1. We concur with the Judge that the order of the Deputy Magistrate of Ranaghat, dated the 7th September 1876, in the above-mentioned case is illegal, and must be quashed.
2. One of the questions raised before the Judge was, that Beng. Act II of 1867 has not been extended to Ranaghat in accordance with the provision of Section 11 of that Act. Upon this point the Judge has expressed no opinion, and we have before us no materials from which we can say it has been extended to Ranaghat. But taking it for granted that it is applicable to Ranaghat, we still think the conviction in this case cannot stand.
3. It is clear that proceedings were commenced by an act on the part of a police officer, who, under Section 5 of the Act, was not authorized to do it. The Notification referred to in the explanation of the Deputy Magistrate submitted to the Judge would make the deputation of a Sub-Inspector of Police for entering and searching an alleged gaming-house legal, but he must receive his authority for that purpose from a Magistrate of a District or a District Superintendent of Police. In this case such authority was not given.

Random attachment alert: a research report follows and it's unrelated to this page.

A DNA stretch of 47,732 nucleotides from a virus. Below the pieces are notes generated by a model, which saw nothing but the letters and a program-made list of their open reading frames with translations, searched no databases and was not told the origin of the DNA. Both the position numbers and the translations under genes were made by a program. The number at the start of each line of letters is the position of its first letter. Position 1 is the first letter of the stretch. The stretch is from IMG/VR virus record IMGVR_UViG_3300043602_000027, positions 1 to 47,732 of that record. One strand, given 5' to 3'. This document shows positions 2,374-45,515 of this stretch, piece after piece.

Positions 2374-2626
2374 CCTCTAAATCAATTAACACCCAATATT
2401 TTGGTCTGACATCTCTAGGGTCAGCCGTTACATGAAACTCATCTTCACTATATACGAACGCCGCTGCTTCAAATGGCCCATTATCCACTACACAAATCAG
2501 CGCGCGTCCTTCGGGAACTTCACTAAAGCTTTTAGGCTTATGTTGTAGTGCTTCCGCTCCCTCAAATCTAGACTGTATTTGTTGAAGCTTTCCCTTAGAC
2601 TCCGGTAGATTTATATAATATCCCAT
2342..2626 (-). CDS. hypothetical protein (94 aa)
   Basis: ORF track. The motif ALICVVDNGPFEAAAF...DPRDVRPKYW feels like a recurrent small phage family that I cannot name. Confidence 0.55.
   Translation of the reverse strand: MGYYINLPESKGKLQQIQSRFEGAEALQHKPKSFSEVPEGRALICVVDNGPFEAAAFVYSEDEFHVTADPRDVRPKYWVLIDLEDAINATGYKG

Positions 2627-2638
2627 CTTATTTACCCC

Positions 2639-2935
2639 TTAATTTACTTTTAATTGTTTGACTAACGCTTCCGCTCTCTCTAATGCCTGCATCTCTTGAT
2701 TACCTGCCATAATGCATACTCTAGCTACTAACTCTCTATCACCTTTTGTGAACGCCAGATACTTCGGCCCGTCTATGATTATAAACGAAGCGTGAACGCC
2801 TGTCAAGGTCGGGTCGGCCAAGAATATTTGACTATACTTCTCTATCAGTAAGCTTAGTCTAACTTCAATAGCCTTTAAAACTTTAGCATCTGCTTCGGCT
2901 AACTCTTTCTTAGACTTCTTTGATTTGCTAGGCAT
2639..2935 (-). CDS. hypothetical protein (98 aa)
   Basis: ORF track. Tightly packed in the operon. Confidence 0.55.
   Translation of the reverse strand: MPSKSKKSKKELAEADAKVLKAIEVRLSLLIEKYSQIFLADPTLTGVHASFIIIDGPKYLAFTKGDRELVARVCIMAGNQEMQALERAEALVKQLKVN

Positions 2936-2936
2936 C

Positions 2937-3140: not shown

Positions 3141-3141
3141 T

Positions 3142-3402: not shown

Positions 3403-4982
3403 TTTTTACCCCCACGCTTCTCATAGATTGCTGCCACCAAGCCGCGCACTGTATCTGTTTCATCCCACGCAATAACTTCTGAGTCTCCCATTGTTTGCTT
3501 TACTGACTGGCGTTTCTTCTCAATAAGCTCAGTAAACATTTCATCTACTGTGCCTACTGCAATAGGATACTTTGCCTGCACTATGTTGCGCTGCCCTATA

4. This being so, we cannot say that there is any evidence on the record, that the house which was entered and searched was a gaming-house within the meaning of the Act. We have gone through the record, and we find no evidence bearing upon this matter. It cannot, we think, be presumed under Section 6 of the Act, because that presumption only arises when the proceedings are authorized by the preceding section, which, as we have observed before, was not the case here.
5. The order of the Deputy Magistrate, therefore, must be quashed; the fines, if realized, must be refunded; and the properties, which have been declared to be forfeited to Government, must be restored to the parties from whose possession they were taken.